But I can’t help wondering: even if Deshpande had acted of his own volition, Pawar must have known that City Corp had submitted a bid. Why did he not say a word about this apparent conflict of interest when he was making all those declarations about no commercial involvement in cricket? Why are these explanations only being trotted out now after the story has broken?
The latest Pawar scandal is worrying because it tends to confirm the view that Indian cricket is not just run by people who care more for money than they do for cricket, but by people who only care about how much money they themselves can make from cricket.
If you look at the way the BCCI is run, it is clear that few of its members are troubled by ethical issues. Conflict of interest is a way of life. The Chennai team is openly owned by a key BCCI functionary. By his own admission, Lalit Modi called up friends and relatives and told them to buy IPL teams. (This was because others were not coming forward before the first IPL, says Modi.) Chirayu Amin, the current head of the IPL, admits that he pledged to invest 10 per cent in a consortium that bid unsuccessfully for an IPL franchise. Amin says that he did nothing wrong. His involvement was no secret and he kept the BCCI informed.
He may well be telling the truth. If all the teams contain investments from BCCI bigwigs, their companies, their friends and their relatives, then clearly, nobody on the board worried unduly about conflict of interest.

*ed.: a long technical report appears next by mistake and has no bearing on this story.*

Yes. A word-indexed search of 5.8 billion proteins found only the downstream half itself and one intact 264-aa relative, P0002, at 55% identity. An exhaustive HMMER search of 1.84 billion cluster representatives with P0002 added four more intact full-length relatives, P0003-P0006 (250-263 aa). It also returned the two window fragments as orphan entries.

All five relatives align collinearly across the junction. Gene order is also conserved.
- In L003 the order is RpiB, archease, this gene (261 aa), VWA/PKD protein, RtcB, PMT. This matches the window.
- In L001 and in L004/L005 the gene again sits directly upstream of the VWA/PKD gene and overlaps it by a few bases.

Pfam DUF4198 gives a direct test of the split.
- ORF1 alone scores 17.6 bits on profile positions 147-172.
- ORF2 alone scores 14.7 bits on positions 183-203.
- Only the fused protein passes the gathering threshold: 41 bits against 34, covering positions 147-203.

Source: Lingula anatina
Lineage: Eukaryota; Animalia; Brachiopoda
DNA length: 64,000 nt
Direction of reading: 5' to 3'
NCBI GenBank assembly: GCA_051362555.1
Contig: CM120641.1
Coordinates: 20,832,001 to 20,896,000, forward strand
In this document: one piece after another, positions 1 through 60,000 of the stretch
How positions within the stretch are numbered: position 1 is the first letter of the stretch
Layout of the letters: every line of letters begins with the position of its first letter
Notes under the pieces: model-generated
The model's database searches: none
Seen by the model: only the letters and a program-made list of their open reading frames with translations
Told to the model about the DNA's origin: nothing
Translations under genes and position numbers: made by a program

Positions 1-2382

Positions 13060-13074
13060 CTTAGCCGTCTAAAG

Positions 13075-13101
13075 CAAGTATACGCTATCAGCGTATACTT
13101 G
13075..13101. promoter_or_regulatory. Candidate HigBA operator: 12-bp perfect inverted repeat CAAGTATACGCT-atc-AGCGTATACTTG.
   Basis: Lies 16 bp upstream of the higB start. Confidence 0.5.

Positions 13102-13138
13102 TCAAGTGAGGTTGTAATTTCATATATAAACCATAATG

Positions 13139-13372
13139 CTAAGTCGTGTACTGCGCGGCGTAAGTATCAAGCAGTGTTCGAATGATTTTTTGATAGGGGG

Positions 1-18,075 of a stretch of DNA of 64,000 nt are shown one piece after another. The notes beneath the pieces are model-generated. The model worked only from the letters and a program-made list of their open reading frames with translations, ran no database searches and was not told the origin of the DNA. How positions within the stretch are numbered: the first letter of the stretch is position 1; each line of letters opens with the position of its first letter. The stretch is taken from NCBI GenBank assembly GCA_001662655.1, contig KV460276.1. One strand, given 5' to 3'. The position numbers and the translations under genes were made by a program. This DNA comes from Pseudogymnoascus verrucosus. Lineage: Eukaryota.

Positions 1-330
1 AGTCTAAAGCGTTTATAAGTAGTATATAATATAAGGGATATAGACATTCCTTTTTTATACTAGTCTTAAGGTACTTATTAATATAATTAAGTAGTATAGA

Rather, they saw the multi-million dollar success of the IPL and decided to quickly get rich themselves.
Till now, my primary criticism of the way cricket is run in India has been that the board is dominated by rich businessmen and politicians who treat a few former players as their kept cricketers. In many cases, the line between politics and business is blurred. Sharad Pawar may well be one of India’s most famous politicians, but he is also head of a huge business empire that includes investments in property, construction, wine, grape farming and God alone knows what else. Lalit Modi is the businessman who dreamt up the commercial framework of the IPL. But he is also a political financier with strong links to the BJP’s Rajasthan unit.
There are BCCI board members who are in it only for the love of the game but over the last few years they have been overshadowed by this cosy politico-business coterie. Things had got so bad that when the last round of franchises was being awarded, there was open speculation about how the bids would be fixed and who the benamis were.
In many ways, cricket administration in India reminds me of the crony capitalism that flourished till the economy was liberalised in 1991. In those days, businessmen paid politicians off, politicians made the rules and the businessmen made the profits. That arrangement collapsed in the 1990s and the Indian economy has thrived as a consequence.
But when it comes to cricket we are still in a pre-liberalisation era. Crony capitalism flourishes and when the truth threatens to come out, the board throws a sacrificial lamb to the wolves (in this case, Lalit Modi)), gives itself a clean chit and returns to money-making as usual.
My hope is that the latest Pawar scandal will mark the beginning of the end of the scam that is cricket administration in India. It is time for sweeping reforms, for a liberalisation process that is as far-reaching as the one Manmohan Singh unleashed in 1991. Till that happens, the politicians and the businessmen will continue to make their ill-gotten millions. And Indian cricket will pay the price.
The views expressed by the author are personal